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Carbon capture’s next top model

In the transition toward clean, renewable energy, there will still be a need for conventional power sources, like coal and natural gas, to ensure steady power to the grid. Researchers across the world are using unique materials and methods that will make those conventional power sources cleaner through carbon capture technology.

Creating accurate, detailed models is key to scaling up this important work. A recent paper led by the University of Pittsburgh Swanson School of Engineering examines and compares the various modeling approaches for hollow fiber membrane contactors (HFMCs), a type of carbon capture technology. The group analyzed over 150 cited studies of multiple modeling approaches to help researchers choose the technique best suited to their research.

“HFMCs are one of the leading technologies for post-combustion carbon capture, but we need modeling to better understand them,” said Katherine Hornbostel, assistant professor of mechanical engineering and materials science, whose lab led the analysis. “Our analysis can guide researchers whose work is integral to meeting our climate goals and help them scale up the technology for commercial use.”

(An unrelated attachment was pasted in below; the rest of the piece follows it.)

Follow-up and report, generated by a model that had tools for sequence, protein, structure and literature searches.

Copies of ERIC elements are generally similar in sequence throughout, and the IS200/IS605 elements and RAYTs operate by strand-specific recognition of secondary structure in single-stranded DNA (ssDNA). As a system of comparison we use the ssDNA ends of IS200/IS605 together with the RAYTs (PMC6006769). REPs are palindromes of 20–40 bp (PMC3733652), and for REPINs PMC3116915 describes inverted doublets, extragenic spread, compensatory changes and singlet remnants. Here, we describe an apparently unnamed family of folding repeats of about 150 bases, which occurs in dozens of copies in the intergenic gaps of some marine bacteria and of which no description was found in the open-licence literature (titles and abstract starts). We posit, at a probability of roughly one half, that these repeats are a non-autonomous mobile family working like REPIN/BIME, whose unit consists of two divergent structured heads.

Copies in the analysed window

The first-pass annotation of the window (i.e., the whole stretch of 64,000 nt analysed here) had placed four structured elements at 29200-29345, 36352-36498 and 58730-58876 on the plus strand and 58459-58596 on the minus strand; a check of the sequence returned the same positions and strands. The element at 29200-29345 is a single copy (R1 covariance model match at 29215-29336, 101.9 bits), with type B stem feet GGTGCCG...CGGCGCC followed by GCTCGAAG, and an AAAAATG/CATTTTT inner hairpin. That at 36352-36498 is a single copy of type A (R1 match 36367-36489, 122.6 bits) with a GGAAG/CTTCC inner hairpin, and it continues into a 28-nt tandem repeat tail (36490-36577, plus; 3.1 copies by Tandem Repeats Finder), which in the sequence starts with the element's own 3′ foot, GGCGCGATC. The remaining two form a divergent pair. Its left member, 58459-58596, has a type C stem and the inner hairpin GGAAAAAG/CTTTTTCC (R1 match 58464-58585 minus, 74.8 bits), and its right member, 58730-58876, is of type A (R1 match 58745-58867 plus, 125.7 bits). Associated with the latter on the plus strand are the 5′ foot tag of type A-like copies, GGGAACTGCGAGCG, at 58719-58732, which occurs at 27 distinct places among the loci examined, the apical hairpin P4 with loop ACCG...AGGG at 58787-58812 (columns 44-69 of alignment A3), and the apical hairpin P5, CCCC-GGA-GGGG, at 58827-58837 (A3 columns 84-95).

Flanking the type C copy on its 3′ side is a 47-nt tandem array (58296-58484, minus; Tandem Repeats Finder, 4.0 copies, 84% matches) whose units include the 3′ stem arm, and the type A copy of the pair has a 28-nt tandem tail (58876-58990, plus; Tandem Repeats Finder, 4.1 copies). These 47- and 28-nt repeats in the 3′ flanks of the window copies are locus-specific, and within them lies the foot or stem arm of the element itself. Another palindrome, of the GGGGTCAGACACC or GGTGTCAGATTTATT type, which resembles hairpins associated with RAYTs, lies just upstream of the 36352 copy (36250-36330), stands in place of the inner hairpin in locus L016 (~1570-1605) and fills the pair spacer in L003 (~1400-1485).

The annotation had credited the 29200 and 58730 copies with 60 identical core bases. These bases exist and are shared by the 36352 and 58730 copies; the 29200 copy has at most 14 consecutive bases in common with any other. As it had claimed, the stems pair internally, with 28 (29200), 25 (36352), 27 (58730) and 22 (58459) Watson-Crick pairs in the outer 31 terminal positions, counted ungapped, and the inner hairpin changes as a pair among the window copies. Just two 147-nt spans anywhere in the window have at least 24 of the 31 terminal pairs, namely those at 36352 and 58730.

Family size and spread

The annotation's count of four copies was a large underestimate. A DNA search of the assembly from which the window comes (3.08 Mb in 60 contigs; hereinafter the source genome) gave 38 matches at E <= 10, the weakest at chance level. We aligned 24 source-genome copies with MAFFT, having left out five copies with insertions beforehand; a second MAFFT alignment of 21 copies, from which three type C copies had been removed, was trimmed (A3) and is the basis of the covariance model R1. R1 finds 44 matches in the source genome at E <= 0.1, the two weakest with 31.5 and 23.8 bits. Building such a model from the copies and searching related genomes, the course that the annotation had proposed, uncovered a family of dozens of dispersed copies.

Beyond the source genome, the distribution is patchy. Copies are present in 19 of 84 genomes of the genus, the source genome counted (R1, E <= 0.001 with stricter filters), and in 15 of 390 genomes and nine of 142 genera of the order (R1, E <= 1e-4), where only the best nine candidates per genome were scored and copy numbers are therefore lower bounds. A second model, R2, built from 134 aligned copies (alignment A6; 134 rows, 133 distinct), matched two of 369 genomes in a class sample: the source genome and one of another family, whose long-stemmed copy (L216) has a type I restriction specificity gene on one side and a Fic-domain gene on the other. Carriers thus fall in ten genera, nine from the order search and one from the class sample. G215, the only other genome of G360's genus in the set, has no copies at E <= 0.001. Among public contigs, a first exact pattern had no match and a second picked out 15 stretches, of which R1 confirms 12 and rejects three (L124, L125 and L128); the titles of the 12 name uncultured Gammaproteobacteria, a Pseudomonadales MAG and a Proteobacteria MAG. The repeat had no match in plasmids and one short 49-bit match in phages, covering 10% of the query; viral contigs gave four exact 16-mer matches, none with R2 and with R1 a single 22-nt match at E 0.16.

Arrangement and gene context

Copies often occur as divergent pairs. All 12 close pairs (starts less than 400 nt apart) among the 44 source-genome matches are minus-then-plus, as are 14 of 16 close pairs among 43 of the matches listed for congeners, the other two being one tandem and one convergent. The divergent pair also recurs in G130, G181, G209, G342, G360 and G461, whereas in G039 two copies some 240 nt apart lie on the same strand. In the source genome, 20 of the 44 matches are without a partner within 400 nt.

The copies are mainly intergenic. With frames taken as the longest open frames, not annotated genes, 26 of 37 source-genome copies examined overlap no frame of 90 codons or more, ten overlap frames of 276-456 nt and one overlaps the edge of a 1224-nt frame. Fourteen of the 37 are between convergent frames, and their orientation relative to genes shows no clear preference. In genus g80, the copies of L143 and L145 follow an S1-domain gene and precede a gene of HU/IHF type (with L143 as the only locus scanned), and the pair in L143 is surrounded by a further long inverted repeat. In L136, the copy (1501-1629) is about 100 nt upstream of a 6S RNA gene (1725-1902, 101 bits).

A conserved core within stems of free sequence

A hollow fiber membrane contactor (HFMC) is a group of fibers in a bundle, with exhaust flowing on one side and a liquid solvent on the other to trap the carbon dioxide. The paper reviews state-of-the-art methods for modeling carbon capture HFMCs in one, two and three dimensions, comparing them in-depth and suggesting directions for future research.

“The ideal modeling technique varies depending on the project, but we found that 3D models are qualitatively different in the nature of information they can reveal,” said Joanna Rivero, graduate student working in the Hornbostel Lab and lead author. “Though cost limits their wide use, we identify 3D modeling and scale-up modeling as areas that will greatly accelerate the progress of this technology.”

Grigorios Panagakos, research engineer and teaching faculty in Carnegie Mellon University's Department of Chemical Engineering, brought his expertise in analyzing the modeling of transport phenomena to the review paper, as well.

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Materials provided by University of Pittsburgh. Note: Content may be edited for style and length.